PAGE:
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Say 'Aaah' | Monitor / HOSPITALS

Guidelines on How to Enable Emergency Rooms to Treat Kids

April 16, 2001|Jane E. Allen

When parents take a sick or injured child to the hospital emergency room, they may expect that the facility will have medical equipment properly sized for children's small bodies.

Yet that's not always the case. Sometimes, children must be transferred to another hospital that specializes in children's care. The extra time and hassle can make an already unsettling experience even more nerve-racking.

Now, two medical specialty societies have set new guidelines intended to enable all hospital emergency departments to provide at least initial treatment for the 20 million children who require emergency treatment each year.

The guidelines suggest that hospital emergency departments:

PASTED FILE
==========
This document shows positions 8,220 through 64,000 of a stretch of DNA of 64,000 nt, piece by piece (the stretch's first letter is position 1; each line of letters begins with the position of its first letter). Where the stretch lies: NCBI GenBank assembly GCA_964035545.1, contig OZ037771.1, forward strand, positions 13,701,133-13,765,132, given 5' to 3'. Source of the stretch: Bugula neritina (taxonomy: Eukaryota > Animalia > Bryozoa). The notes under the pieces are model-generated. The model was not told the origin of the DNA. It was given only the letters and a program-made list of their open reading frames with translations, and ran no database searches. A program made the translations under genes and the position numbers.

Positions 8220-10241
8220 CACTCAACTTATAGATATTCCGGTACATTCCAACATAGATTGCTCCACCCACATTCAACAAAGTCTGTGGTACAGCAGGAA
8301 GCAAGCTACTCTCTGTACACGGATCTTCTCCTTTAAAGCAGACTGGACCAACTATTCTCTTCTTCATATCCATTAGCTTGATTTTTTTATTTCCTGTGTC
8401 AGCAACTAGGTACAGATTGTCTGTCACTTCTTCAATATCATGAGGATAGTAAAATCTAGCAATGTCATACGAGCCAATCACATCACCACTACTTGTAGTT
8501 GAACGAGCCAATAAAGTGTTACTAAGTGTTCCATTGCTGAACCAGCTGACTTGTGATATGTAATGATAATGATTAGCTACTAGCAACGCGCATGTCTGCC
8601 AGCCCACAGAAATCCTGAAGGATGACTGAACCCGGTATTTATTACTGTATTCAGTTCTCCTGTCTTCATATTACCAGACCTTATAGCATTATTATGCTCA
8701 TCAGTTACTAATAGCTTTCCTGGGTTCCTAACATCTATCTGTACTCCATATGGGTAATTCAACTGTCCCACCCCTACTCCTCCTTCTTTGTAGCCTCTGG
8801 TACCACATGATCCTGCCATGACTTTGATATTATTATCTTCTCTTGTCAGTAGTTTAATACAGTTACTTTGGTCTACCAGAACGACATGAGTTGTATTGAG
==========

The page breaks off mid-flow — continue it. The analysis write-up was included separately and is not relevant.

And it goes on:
* Have both a physician coordinator and a nurse coordinator for pediatric emergency medicine.

* Require proper training of all health-care professionals to treat children of any age.

* Have emergency transportation, radiology services and laboratory services and equipment capable of serving children.

* Have specific pieces of equipment, medications and supplies for pediatric patients, such as blood pressure cuffs that can surround pint-sized arms, defibrillators with small paddles and small oxygen masks.

The guidelines, prepared by the American College of Emergency Physicians, the American Academy of Pediatrics and other health organizations, are published in the April issue of the Annals of Internal Medicine.

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